Recent racist behavior displayed by some students at University of California, Los Angeles (UCLA), against Asians has aroused concern in the Asian community here.
California Assembly Member Mike Eng has sent a letter to UCLA Chancellor Gene D. Block Tuesday, expressing concern and requesting appropriate action.
The case in point is the Ching-Chong-Ling-Long Gourmet Takeout, a new Asian food delivery service catering to Westwood, where UCLA is situated. The outlet got its name from one of the most memorable lines of Alexandra Wallace's anti-Asian tirade that appeared in March.
Wallace was a former UCLA student who ranted about the "hordes of Asian people that UCLA accepts" in a three-minute video. Wallace specifically complained about students in the school library using their cellphones to call their families in Japan after the tsunami hit just days before.
At one point, Wallace -- who later withdrew from UCLA -- crudely mimics an Asian student answering the phone by saying, "Ohhh! Ching chong ling long ting tong!"
"I write this letter to express serious concern over the recent actions by a select number of UCLA students. It is my understanding that these students partnered with a local restaurant and established a delivery service by the name of 'Ching-Chong-Ling-Long Gourmet Takeout,'" Eng's letter said.
"California is home to a broad range of diverse communities. Acts of intolerance such as these are senseless and have a profoundly negative effect on the community as a whole," the letter said.
"As a member of the California State Legislature and the Asian Pacific Islander Legislative Caucus, I urge your office to look into this matter immediately and take appropriate action," Eng's letter said.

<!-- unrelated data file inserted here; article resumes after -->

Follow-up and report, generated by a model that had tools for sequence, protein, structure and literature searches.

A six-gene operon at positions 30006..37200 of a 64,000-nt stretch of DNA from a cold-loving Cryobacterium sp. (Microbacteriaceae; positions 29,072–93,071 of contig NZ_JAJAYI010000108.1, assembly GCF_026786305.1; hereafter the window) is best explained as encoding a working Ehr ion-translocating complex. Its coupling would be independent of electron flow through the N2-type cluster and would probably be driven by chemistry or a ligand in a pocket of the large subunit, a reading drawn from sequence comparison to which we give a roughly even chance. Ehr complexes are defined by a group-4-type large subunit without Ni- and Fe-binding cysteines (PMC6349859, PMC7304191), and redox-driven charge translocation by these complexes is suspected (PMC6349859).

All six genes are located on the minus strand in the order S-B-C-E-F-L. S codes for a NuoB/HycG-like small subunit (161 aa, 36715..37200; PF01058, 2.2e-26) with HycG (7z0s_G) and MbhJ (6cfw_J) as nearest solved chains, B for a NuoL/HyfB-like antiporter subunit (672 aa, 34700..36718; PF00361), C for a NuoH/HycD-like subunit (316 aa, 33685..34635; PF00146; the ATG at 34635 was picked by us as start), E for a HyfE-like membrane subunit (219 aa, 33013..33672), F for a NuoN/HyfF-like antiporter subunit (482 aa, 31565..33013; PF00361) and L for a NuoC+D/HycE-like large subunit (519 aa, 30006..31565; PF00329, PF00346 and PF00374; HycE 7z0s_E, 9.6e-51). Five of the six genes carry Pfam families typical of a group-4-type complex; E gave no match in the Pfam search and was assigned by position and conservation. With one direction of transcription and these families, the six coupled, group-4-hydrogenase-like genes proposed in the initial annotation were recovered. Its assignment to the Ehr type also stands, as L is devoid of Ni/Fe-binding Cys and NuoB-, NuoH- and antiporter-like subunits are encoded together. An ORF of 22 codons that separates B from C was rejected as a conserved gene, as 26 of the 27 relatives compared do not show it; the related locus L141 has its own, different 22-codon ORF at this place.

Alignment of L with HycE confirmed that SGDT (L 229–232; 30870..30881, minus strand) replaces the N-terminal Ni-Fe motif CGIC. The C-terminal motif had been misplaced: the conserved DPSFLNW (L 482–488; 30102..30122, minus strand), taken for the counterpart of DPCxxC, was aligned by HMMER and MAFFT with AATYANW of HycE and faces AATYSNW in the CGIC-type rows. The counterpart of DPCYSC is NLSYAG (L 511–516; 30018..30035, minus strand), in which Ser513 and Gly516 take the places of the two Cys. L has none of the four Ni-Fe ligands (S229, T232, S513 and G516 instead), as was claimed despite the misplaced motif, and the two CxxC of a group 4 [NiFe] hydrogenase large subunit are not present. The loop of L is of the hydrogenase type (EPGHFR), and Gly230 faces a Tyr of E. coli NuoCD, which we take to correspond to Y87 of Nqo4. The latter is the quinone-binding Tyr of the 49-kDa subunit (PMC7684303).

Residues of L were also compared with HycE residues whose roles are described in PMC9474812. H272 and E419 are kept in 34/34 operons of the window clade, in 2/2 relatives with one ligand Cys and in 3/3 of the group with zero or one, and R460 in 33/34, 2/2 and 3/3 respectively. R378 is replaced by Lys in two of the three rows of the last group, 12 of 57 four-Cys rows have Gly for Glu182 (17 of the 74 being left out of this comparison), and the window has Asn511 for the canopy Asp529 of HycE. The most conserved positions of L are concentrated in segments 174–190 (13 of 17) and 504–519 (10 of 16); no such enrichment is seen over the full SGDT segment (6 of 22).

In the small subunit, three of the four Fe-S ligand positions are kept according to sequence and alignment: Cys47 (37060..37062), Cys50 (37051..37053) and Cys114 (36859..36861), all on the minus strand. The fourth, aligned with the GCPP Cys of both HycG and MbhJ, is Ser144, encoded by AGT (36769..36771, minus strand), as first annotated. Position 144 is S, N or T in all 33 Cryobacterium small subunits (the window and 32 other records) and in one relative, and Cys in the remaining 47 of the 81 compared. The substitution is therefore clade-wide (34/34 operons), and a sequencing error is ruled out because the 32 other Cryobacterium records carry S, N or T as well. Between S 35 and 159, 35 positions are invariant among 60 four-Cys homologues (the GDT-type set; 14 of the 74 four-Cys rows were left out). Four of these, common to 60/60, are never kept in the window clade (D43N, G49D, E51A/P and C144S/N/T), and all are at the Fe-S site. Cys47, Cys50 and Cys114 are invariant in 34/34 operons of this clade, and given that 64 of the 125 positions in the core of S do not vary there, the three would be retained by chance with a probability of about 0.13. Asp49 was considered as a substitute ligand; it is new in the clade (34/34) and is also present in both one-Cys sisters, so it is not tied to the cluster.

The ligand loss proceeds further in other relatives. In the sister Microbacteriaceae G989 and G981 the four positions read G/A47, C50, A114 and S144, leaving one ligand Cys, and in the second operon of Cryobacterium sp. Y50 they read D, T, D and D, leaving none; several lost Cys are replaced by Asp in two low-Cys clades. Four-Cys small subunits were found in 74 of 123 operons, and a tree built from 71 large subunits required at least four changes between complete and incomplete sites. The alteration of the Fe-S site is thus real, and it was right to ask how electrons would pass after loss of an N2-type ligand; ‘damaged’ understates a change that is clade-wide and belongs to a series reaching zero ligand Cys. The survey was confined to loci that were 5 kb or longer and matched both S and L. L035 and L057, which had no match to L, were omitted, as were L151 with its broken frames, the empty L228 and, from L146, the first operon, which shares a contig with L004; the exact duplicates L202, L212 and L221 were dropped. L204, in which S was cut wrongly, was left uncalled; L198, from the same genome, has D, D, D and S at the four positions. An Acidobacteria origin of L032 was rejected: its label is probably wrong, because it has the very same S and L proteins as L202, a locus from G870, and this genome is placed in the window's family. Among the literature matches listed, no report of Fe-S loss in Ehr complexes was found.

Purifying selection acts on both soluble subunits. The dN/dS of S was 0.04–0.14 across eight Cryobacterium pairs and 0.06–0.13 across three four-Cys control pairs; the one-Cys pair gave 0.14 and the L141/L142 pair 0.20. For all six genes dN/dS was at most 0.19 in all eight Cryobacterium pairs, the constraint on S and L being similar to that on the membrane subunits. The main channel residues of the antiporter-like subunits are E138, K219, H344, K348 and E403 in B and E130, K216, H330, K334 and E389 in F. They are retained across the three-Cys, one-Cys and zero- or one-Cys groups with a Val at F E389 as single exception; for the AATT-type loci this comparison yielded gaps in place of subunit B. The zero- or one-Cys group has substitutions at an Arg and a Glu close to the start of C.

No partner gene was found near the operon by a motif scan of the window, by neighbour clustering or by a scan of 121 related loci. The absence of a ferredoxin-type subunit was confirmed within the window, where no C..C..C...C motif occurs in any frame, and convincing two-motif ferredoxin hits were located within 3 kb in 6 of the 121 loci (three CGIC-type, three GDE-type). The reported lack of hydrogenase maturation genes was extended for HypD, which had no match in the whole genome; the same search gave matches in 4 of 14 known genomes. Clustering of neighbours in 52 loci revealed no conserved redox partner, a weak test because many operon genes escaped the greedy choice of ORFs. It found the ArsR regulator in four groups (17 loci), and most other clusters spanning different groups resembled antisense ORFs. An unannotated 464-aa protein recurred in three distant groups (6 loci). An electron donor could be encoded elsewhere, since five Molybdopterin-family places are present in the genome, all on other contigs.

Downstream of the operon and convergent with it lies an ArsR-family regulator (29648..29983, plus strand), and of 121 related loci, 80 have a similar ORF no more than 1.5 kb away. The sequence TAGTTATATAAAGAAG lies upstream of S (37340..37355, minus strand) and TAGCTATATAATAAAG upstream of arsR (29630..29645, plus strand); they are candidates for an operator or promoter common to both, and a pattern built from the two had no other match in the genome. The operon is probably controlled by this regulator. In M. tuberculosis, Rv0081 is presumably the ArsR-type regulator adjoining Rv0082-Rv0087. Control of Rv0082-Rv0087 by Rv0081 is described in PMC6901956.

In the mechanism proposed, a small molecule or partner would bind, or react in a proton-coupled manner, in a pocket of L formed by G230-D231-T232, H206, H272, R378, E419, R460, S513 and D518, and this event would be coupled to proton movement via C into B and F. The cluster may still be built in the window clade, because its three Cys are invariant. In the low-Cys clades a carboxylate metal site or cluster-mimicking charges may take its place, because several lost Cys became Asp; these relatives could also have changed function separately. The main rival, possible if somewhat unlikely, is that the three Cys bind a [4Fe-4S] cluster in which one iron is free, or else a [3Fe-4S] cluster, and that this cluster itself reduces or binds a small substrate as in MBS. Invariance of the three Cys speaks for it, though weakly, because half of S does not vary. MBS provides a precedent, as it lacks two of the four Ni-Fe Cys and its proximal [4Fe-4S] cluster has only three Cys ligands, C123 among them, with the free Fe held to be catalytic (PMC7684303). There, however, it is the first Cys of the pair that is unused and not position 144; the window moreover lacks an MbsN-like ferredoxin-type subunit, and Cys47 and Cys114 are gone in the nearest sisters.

Ching-Chong-Ling-Long Gourmet Takeout was founded by Rachel Lee, owner of The Palace Restaurant in Brentwood, and four UCLA students who run the campus delivery service UCLA Munchies.
Lee told the press that she initially hesitated to use the name for the delivery service, but the students convinced her otherwise.
"I said, 'Are you sure this is OK?' My initial reaction was that people might get offended," Lee was quoted by the local media as saying. "But they said it was perfectly fine among UCLA students."
A statement on the delivery service's website explains: "We believe that the best way to combat intolerance is through a positive cultural experience mixed in with a healthy serving of humor, and hope that after you try us, you too will feel that way."
Lee's website uses the following wording to attract Asians: "Welcome to Ching-Chong-Ling-Long Takeout, Westwood's newest, sexiest, drop-dead delicious Asian-food Delivery. We at The Palace Restaurant Seafood & Dim Sum started CCLL Takeout in order to provide UCLA students/staff with quality, affordable Asian foods."
The Periscope Post suggested that Lee didn't do her homework. "You might have thought that Wallace's public shaming and subsequent self-removal from school would have brought a new era of communication about race relations to the UCLA campus," the paper said.
However, the paper said, after all, Wallace's widely-viewed rant wasn't an isolated incident in the California system -- about a year before she took to the Internet, several fraternities at University of California, San Diego (UCSD) hosted a "Compton Cookout," a "ghetto-themed" off-campus party to mock Black History Month, a celebration of achievements by African Americans.